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|Title:||An Exploration of the Greek Shadow Economy: Can Its Transfer into the Official Economy Provide Economic Relief Amid the Crisis?|
sovereign debt crisis
|Source:||Journal of Economic Issues|
|Abstract:||We explore the determinants of the Greek shadow economy, its interaction with the official economy, and its relationship with corruption. In doing so, we undertake — for the first time — an interdisciplinary review of economic and political studies on the size and determinants of the shadow economy, tax evasion, undeclared work and, moreover, of their relation with corruption in Greece in order to reveal the extent and complexity of these phenomena. We estimate the size and determinants of the shadow economy via a multiple-indicators-multiple-causes (MIMIC) approach. Our findings indicate that the important determinants are factors related to macroeconomic conditions, such as unemployment and GDP growth, and institutional factors, such as tax morale and the rule of law. We also indicate that the shadow economy and corruption are complementary and that the official and the shadow economy substitute each other over the business cycle. An adoption of policy based on these findings would lead to a successful transfer of part of the shadow economy to the official economy, would boost government revenue, and would eventually lead the Greek economy out of the depression that emerged as a result of the sovereign debt crisis.|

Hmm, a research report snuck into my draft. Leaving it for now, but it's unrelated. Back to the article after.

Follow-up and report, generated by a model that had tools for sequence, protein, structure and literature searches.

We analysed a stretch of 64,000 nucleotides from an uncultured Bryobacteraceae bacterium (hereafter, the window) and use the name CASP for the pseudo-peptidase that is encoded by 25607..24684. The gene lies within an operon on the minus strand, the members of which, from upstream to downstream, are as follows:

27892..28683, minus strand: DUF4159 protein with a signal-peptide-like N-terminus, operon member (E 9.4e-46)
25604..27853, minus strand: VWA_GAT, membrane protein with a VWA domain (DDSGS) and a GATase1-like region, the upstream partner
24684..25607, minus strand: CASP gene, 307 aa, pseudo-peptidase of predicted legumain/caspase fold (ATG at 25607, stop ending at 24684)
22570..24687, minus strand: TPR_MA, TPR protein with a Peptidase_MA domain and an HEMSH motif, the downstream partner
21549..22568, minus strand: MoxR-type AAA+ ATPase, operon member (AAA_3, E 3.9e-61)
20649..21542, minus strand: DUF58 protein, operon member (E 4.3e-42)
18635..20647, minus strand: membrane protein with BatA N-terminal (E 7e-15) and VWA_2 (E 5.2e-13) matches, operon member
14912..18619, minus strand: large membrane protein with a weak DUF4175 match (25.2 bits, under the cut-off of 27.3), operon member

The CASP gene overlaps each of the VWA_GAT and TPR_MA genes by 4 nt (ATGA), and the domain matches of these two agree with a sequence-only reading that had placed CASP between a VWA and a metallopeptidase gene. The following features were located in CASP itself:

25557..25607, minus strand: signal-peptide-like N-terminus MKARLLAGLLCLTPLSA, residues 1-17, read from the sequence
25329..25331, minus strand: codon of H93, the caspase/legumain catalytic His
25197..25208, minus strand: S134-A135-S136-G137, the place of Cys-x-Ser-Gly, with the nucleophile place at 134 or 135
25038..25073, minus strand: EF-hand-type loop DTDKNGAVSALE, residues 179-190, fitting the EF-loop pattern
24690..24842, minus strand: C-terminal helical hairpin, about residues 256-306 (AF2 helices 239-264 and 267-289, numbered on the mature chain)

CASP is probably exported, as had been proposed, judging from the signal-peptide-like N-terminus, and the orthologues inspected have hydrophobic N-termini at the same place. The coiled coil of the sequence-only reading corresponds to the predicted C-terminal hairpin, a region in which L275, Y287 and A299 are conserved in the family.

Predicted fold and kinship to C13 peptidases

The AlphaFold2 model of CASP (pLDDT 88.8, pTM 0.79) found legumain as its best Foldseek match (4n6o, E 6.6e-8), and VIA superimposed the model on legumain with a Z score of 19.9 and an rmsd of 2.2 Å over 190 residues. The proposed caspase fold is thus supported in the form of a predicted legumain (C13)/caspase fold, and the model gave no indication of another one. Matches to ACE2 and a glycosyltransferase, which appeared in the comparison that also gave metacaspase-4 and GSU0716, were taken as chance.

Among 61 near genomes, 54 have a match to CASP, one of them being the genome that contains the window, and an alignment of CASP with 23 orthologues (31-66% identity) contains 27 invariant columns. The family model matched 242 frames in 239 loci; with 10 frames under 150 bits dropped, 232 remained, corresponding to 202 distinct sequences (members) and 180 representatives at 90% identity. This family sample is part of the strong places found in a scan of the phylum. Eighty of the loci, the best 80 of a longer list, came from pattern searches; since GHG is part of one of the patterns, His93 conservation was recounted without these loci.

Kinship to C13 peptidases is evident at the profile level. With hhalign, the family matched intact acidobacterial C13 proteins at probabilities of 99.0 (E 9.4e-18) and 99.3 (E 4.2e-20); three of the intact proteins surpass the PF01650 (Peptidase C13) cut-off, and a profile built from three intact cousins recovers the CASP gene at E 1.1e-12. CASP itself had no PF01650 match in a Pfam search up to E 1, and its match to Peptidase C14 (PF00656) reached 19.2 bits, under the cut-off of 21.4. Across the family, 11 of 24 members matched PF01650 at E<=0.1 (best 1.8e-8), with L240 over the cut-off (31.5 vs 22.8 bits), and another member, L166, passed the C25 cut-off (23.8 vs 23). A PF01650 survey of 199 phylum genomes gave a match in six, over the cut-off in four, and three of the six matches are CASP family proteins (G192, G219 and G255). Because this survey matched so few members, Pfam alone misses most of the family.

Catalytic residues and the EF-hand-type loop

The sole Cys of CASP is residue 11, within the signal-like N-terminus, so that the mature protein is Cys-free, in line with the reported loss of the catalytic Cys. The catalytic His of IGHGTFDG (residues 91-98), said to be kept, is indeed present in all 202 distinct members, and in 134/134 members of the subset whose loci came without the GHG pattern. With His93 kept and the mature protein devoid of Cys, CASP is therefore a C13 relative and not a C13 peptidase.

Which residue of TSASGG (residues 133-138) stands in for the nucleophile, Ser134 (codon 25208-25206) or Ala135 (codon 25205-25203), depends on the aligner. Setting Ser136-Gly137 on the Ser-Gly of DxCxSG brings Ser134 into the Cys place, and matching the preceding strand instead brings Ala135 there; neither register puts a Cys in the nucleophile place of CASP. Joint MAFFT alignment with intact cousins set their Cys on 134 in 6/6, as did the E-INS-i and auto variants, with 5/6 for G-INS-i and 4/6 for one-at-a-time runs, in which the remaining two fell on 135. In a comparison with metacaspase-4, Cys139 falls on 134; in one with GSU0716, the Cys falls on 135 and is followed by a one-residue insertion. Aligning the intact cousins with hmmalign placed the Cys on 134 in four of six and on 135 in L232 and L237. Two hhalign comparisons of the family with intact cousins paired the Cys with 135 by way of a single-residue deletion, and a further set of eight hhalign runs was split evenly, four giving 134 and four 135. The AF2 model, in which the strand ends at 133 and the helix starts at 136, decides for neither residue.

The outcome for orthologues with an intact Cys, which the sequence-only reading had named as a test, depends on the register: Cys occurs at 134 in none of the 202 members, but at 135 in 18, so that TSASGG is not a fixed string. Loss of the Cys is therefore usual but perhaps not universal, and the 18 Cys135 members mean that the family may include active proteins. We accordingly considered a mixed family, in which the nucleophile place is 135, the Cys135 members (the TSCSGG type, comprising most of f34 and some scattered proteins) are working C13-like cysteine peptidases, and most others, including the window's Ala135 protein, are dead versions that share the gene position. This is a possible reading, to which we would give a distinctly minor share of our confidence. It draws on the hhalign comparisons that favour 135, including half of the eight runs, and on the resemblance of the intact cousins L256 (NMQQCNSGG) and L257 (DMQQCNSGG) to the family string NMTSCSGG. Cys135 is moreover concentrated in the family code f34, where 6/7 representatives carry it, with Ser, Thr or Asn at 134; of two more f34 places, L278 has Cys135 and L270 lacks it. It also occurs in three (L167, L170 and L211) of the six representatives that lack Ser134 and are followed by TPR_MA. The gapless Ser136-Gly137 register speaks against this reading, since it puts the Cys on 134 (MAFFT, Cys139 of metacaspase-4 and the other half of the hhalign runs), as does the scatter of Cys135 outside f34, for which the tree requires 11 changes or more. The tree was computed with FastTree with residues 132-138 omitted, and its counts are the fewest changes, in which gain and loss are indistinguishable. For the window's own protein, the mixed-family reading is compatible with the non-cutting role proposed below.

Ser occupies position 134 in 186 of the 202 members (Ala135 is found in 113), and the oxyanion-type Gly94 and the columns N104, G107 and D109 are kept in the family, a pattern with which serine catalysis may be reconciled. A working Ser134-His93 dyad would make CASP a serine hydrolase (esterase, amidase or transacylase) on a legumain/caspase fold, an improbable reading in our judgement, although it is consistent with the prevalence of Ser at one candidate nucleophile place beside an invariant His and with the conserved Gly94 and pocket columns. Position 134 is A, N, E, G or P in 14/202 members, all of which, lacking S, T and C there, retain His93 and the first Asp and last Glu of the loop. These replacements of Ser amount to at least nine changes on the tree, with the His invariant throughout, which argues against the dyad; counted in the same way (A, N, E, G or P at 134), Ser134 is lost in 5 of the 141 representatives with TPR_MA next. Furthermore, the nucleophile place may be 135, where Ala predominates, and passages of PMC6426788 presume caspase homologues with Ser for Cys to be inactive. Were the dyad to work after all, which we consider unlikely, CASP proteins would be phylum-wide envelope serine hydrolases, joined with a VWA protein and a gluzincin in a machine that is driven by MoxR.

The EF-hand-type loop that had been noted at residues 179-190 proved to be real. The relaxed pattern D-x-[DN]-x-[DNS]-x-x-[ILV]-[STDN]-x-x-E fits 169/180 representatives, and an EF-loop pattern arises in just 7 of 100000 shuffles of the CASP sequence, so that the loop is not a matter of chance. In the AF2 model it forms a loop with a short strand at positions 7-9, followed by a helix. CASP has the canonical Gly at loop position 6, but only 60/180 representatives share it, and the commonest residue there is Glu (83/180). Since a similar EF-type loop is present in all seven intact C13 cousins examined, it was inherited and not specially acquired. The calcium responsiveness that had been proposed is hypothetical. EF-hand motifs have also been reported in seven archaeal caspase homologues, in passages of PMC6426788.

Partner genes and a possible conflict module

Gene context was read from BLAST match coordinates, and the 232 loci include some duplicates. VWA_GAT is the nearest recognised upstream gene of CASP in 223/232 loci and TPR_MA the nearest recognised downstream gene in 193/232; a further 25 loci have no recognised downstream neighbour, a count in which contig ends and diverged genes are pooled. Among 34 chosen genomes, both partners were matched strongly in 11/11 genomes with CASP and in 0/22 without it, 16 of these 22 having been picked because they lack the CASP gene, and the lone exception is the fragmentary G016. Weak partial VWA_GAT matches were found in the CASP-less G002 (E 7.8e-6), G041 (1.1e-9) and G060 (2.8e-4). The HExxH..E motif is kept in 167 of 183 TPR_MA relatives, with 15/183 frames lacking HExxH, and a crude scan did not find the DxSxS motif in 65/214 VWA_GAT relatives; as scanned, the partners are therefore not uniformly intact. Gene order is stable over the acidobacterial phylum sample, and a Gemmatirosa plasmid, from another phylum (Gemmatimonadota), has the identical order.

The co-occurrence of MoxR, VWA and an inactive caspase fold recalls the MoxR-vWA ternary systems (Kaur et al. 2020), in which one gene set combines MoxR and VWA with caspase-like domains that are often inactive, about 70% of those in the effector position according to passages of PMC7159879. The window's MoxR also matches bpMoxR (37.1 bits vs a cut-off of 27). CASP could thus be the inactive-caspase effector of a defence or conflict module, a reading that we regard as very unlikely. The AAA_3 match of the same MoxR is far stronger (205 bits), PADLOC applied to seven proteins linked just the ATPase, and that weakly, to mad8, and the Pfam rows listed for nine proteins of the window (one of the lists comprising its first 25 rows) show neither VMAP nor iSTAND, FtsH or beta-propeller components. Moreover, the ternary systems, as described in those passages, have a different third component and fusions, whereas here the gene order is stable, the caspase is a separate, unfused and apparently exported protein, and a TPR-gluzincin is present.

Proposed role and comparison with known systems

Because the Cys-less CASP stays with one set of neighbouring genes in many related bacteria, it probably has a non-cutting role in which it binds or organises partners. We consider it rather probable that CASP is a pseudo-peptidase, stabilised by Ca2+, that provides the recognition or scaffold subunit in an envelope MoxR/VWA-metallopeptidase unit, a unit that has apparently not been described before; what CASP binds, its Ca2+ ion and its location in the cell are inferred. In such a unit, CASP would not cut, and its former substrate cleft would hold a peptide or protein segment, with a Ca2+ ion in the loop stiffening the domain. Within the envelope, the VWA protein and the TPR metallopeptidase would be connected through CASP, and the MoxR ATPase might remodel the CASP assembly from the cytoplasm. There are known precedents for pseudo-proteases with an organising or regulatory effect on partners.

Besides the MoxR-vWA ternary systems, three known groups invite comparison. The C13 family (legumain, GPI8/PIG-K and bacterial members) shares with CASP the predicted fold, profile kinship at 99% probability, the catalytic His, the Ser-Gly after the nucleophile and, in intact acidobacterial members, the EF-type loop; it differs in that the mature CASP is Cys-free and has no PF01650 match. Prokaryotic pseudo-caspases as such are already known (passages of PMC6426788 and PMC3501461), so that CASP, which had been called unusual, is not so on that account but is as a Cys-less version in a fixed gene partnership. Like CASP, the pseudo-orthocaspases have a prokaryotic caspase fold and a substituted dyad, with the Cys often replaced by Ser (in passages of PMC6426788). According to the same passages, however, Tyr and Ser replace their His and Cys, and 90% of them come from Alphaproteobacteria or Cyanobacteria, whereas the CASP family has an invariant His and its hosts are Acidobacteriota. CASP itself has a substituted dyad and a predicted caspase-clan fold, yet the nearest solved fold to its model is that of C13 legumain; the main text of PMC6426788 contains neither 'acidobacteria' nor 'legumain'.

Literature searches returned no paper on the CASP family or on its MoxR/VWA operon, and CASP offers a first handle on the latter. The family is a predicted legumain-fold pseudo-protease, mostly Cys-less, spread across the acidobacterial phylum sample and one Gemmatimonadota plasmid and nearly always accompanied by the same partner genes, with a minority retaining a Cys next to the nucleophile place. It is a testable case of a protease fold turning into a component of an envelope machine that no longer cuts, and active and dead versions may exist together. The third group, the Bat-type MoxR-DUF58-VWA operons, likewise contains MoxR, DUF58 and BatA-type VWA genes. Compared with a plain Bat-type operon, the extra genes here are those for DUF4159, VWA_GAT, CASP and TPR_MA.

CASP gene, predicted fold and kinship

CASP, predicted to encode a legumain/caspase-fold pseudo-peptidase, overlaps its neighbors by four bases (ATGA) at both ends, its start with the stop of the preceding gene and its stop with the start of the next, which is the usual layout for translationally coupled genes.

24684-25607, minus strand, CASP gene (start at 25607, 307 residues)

|Appears in Collections:||Department of International and European Studies |
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